Join ATC for an evening of cocktails, canapés and entertainment, plus a live auction of incredible prizes and experiences including:
– Return airfares to Australia courtesy of Qantas plus an accommodation package at The Langham Hotel Sydney
– Painting by Australian artist Stephanie Burns valued at $5000
– 2 night stay at Four Seasons Resort Punta Mita Mexico
– 2 tickets to Human Nature’s “Jukebox – Pop. Soul. Motion & More” including a meet and greet at the Venetian Hotel Las Vegas
Tickets are available by calling 310-467-8291 or email
Creating a balance in your life between high energy and invigorating stimuli and meditative and contemplative moments can be achieved with paintings. I paint landscapes and seascapes for your aesthetic pleasure and that of your family.
We are here to enhance your every day life through imagination and creativity. Take a look at the range of paintings I have available for sale and see if any of them suit your home here.
Is art too hard for most people. I don’t think so. Art museums wouldn’t be one of the main attractions for tourism if art was too difficult. Art is rarefied, enigmatic, obscure, mysterious, art may be little known, hard and perplexing. But, human beings consider art to be special. Arts difference sets it apart from the norm. Consider this mother and son conversation;
“I said to my mother as we walked, that I was worried my interests lately had been too esoteric. Investing myself in the ethereal realms of art and philosophy the past two years in pursuit of finding my father amongst the relics of the 20th Century art world (Peter Fuller Project). Had been so complex and it consumed my life, I wondered if there was ultimately any point to it all in a world that was ultimately driven by capital, a crisis of faith not helped by the fact that I had studied existentialism for Road To The Well to get inside the characters skin at the bequest of the director. Which served as my greatest inspiration for the experience and, yet for at least a year after we wrapped I found myself in the grips of that same void, wrestling with intellectual riddles which set me both apart and directly in the centre of the world around me.
She told me how at art school she would tell people that Monet was passé, because of his popularity in mainstream culture, but now she paints homages to his Waterlilies and her work is firmly in line with post-Impressionism. She told me that artistic life tends to flow in circles like that, periods of resistance and at times feelings reverence towards the same inspiration. The only thing that remains the same is the image, or the film/painting.” Laurence Fuller read more…
Art stays the same, it doesn’t change once made. Art whether film or a painting is of its time. Perhaps that is part of arts importance to us we can look at it and feel secure, safe and on solid ground. While everything else has changed that particular artwork or piece has stayed the same. Perhaps that is also why artworks that change become less important to us over time.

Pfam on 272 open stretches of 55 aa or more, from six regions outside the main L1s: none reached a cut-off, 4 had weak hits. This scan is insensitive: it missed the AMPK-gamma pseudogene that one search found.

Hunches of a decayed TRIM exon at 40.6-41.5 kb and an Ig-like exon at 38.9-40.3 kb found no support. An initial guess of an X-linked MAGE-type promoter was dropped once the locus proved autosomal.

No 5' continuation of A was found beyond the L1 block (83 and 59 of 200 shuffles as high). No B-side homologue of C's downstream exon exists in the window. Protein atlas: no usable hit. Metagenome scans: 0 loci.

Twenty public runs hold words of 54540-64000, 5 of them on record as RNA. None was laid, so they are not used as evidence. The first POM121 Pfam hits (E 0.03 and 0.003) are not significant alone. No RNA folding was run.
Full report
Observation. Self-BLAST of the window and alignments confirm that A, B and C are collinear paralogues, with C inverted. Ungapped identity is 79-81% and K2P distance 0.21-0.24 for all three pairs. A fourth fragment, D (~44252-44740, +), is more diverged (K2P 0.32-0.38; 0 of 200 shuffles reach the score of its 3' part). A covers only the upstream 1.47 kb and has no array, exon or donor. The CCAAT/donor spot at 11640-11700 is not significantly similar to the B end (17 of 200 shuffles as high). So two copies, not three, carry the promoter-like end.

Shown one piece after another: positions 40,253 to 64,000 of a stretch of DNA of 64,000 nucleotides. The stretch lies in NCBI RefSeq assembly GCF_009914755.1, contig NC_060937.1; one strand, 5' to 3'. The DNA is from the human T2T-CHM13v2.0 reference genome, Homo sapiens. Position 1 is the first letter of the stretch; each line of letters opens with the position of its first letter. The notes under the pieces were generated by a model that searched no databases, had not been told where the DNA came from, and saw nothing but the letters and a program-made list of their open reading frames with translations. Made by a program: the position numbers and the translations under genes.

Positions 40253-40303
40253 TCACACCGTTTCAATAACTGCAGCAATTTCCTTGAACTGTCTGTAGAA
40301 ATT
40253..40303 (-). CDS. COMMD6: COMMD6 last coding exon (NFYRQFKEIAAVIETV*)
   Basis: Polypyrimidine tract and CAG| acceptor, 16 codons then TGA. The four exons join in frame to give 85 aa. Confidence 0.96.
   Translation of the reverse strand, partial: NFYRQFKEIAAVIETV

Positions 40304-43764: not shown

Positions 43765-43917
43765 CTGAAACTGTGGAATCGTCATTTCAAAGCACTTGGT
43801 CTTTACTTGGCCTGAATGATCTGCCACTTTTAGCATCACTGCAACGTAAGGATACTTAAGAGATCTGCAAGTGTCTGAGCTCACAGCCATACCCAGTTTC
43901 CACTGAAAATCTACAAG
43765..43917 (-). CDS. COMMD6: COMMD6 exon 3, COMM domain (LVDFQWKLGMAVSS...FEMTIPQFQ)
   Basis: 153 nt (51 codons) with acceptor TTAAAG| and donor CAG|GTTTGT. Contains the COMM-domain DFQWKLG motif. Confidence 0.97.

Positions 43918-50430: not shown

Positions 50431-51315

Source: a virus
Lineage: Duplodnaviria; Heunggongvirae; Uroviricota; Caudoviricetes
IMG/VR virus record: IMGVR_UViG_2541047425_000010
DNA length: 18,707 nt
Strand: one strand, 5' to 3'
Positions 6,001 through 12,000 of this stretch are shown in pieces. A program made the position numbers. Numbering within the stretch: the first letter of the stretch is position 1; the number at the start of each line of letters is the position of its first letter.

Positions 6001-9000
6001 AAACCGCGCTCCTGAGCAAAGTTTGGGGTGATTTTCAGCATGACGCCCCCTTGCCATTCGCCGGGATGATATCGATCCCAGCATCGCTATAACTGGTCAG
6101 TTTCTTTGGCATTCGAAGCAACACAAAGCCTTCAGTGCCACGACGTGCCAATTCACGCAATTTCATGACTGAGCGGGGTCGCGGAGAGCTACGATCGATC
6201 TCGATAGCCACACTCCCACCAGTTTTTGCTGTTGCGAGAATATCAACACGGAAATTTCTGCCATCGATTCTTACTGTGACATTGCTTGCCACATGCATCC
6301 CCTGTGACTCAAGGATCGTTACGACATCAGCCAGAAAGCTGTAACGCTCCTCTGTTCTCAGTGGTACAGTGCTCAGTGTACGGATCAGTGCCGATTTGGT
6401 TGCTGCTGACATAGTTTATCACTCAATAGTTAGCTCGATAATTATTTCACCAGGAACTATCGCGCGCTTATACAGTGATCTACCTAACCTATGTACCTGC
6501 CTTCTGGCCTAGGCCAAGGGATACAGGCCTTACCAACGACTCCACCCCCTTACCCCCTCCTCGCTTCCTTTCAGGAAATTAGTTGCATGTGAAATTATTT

Antiques that have been broken and repaired are of less value than the same or similar antiques that are in the same condition they were made.
“We really lived in a milieu of artists writers and philosophers, so everything was art. People like Roger Scruton, who is a British philosopher, and Howard Jacobson who is a prize winning novelist, all these people were just part of our milieu so art was night and day.” Stephanie Burns, Fine Art Tips with Colour In Your Life
Watch Stephanie as she paints Long Beach in California while talking to Graeme Stevenson about art life and the human condition.
“It’s really difficult to talk about nature. I think that’s because we feel nature and we smell nature and in some ways that’s sort of like art, too. It’s hard to talk about art, it’s something that we feel … I try and paint that feeling” – Stephanie Burns on “Put Some Colour in Your Life”.
In June I travelled to Catalina Island with my son, Laurence Fuller, to find the inspiration for my next paintings. Follow me on the journey as we fly over the island in a helicopter, dive under the water in a submarine and take a boat out to search for Sea Lions.
It starts in the helicopter as we get our bearings of the island.
My camera man looks pretty cool getting off the chopper in the video of my search for inspiration.
Catalina is much larger than I expected, too large for me to do an aerial painting of the Island and add in people and architectural features. It was great to see the island from this perspective and feel what it is like from an eagles vantage point. This view might work as a painting.
We get on the semi-submersible sub Nautilus and head out to Lover’s Cove. An area I spot from the helicopter with aqua water and scuba divers.
Although it was great to see the fish the underwater experience did not give me that special feeling I need for a painting.
Out on a boat in search of dolphins and sea lions just past Lover’s Cove that moment of excitement and anticipation swept over me. Up ahead we saw a pontoon covered in sea lions, as we approached a young male slipped into the water.